Parkland thespians show their ‘Pride and Prejudice’ in weekend play
Parkland High School Theater students will be preforming “Pride and Prejudice” this weekend in the school’s auditorium.
“Pride and Prejudice” is a tale of perceived appearances and tangled relationships with the hope true love prevails.
Based on the book of the same name by Jane Austin, the story was published in 1813.
This tale involves Mr. and Mrs. Bennet and their five unmarried daughters: Jane, Elizabeth, Mary, Kitty and Lydia.
Complicating things, Mr. Bennet’s estate is “entailed” and can only be passed on to a male heir.
As none of his daughters can receive the estate, it will be passed on to Mr. Bennet’s distant relative, Mr. Collins.
For this reason, Mrs. Bennet is desperate to have all her daughters married to fine gentlemen.
Their second oldest daughter, Elizabeth, is the focus of the play.
She is quick to make judgments about people.
Hannah Parrish, who plays Elizabeth, commented on her character.
“Elizabeth is witty and very independent. She does her own thing and doesn’t follow the standards of this time,” Parrish said. “Most people would characterize her as a feminist of this era.”
Parrish said she liked the similarities between herself and Elizabeth.
“Although, it was a really challenging role for me to play because a lot of her characteristics were difficult to find in myself,” she said. “I had to act a bit more reserved than I am used to. Because of this, it was hard relaxing into the character.”
Mr. Darcy is a very snobbish young gentleman.
Max Hakim, who plays Darcy, said his character is “very subdued and a very sophisticated, wealthy complex man.”
“He acts very stoic but on the inside he’s actually pretty sensitive and a little insecure. But, he doesn’t want people to know that about him,” Hakim said. “It is Elizabeth who finally breaks him down and changes who he is.”
One constant throughout the conflicts and tumultuous emotions of the characters is Mrs. Bennet, who keeps the audience focused on the true task — finding husbands for her daughters.
Kayleigh Scott, who won a Freddy Award for “Outstanding Performance by Female Ensemble Member” for her character, Berthe in “Pippin” last year plays Mrs. Bennet.
Scott said her character adds comedic flair to the dramatic mood of the play.
Her performance will keep the audience smiling as she continually prods her husband.
Scott describes her character as a “pretty crazy, an outgoing woman with no filter.”
Collins, who thinks all the Bennet girls should want to marry him, is played by Ben Quaglio.
Quaglio said he enjoys playing Collins because it can be quite “comical” playing a “posh” character.
He described his character is “pompous.”
“Collins is a pastor of the Church of England and he thinks everybody enjoys talking to him, but really whenever he’s around, people just want to leave,” Quaglio said. “It’s difficult going from modern shows to something that’s very formal and reserved like this show ... especially being a teenager.”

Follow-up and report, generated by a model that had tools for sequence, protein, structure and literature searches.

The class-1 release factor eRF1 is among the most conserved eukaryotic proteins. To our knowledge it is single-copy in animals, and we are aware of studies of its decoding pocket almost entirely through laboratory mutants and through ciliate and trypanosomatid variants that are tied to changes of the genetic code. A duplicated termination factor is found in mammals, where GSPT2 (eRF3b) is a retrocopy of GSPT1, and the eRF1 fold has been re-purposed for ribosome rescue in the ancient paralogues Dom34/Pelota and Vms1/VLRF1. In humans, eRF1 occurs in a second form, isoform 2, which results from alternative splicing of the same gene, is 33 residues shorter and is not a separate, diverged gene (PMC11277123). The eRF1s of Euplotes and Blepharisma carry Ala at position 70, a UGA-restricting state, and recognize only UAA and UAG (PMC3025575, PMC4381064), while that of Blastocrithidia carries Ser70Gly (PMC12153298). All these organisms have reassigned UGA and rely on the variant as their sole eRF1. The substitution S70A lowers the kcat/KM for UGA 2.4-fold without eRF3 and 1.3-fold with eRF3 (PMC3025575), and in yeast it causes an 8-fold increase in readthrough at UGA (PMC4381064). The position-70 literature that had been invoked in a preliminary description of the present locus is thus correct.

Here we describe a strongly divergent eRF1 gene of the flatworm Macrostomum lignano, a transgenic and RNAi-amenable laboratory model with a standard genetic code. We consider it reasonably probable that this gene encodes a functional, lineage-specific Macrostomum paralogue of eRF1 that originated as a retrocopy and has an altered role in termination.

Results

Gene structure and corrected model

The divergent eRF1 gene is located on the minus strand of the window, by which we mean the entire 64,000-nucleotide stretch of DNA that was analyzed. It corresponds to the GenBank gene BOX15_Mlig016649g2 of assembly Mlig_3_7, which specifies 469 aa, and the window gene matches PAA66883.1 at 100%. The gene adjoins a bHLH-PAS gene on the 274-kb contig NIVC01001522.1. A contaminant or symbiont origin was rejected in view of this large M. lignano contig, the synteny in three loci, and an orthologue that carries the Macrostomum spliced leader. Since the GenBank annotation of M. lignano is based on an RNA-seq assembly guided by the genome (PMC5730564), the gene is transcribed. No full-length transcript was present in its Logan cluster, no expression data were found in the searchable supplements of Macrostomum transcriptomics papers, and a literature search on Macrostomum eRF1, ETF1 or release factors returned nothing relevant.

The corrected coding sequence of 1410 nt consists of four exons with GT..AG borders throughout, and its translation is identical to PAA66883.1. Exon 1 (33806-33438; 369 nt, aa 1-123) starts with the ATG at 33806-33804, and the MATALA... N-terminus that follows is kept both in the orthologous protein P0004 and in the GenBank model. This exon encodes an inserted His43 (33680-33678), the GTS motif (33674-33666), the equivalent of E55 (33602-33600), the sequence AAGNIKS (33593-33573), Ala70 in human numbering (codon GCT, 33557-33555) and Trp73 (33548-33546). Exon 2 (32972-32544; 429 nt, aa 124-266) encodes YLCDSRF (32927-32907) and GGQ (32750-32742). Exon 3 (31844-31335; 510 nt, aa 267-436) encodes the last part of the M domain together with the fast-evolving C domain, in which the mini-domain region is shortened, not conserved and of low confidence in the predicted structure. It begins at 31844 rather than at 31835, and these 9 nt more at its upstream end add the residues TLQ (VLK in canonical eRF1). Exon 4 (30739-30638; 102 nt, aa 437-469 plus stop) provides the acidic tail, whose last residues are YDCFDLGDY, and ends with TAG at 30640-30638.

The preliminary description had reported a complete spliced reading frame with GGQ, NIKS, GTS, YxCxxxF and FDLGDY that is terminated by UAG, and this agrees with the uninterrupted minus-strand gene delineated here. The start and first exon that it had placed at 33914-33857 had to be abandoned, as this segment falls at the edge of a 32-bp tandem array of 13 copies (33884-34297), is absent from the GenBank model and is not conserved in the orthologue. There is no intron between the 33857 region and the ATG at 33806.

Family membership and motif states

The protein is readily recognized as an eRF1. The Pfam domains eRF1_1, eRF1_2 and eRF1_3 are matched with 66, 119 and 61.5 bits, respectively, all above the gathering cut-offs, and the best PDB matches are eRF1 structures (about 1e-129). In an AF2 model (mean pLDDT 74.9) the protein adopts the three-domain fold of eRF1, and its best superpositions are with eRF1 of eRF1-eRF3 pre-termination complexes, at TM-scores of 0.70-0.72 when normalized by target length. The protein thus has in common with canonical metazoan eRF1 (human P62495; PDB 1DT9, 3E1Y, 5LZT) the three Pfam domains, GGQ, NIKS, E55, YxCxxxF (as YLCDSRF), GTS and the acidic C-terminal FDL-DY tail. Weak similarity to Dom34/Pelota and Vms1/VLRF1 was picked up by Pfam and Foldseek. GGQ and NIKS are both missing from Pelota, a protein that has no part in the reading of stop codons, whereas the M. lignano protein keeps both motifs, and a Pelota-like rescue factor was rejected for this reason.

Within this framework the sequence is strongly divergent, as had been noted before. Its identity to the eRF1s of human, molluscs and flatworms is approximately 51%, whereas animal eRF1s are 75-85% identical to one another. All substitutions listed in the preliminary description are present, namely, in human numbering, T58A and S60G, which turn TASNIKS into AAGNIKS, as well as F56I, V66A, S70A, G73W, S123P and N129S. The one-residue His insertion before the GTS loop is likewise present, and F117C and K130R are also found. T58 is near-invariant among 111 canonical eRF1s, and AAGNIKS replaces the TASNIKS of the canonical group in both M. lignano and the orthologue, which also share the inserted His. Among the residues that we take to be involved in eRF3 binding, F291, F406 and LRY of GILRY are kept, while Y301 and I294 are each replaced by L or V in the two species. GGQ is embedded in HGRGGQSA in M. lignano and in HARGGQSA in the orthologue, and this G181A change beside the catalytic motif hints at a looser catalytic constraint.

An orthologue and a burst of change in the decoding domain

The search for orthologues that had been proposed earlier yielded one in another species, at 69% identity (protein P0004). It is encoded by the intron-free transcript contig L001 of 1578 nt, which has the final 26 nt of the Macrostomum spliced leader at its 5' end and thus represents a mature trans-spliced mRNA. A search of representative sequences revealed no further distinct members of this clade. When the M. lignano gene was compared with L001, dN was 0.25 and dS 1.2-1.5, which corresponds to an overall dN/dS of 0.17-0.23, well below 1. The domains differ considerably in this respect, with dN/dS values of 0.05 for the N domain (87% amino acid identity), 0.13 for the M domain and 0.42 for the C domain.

Director of Visual and Performing Arts Mark Stutz commented on the play.
“It’s a love story — a basic boy meets girl,” Stutz said.
Stutz was asked why he chose “Pride and Prejudice.”
“We haven’t done a classic romantic play in almost forever,” Stutz said. The kids wanted something different.
“They’ve done Shakespeare; they’ve done comedies; they’ve done modern plays; and they’ve done pretty much all the basic shows that high schools do. We wanted to find something that high schools don’t normally do.”
Stutz said the play includes a fairly large cast.
“It has given them the opportunity to have more actors with more scenes and lines than the typical play, which focuses on a few main characters,” Stutz said.
He said this production also gave the actors and a selected ensemble the exposure to perform period dancing.
“In order to really keep the accents alive, we ran our rehearsals where you had to speak in dialect. I had to speak in dialect, even the crew,” Stutz said.
Tori Mittleman was the dialect coach and Jessica O’Brian was the choreographer.
Stutz said some costumes were created by Elizabeth Smith and Laura Quaglio.
Other costumes were rented as period pieces can be difficult to make for a show such as this, he added.
Keeping everything together is stage manager Shaye Harrer.
Harrer said her job is to run the technical parts of the performance: lights, sound cues and transitions.
“It seems like there are a million things going on at once,” she said. “The most difficult part of the job is keeping calm.”
Technical Director Alex Michaels leads the crew with Harrer’s assistance.
“The stage crew consists of about 12 members,” Michaels said. “The build crew who actually worked on the sets, lights and painting consists of about 35-40 members.”
“They start working on the sets in the summer,” he said. “The students actually design and make the sets.
“This is a great opportunity for kids to get the building blocks of a career in technical theater.”
“They even hold a summer camp for middle school students to learn the different aspects of stage crew,” he said. “The hope is they learn and bring with them that passion to the high school sets.”
“Pride and Prejudice” will be presented 7:30 p.m. Oct. 13 and 14; and 3 p.m. Oct. 15 at the high school.
All seats are reserved. Tickets, $10 for adults and $8 for students and senior citizens aged 65 and older, are on sale through the high school box office at parklandsd.org.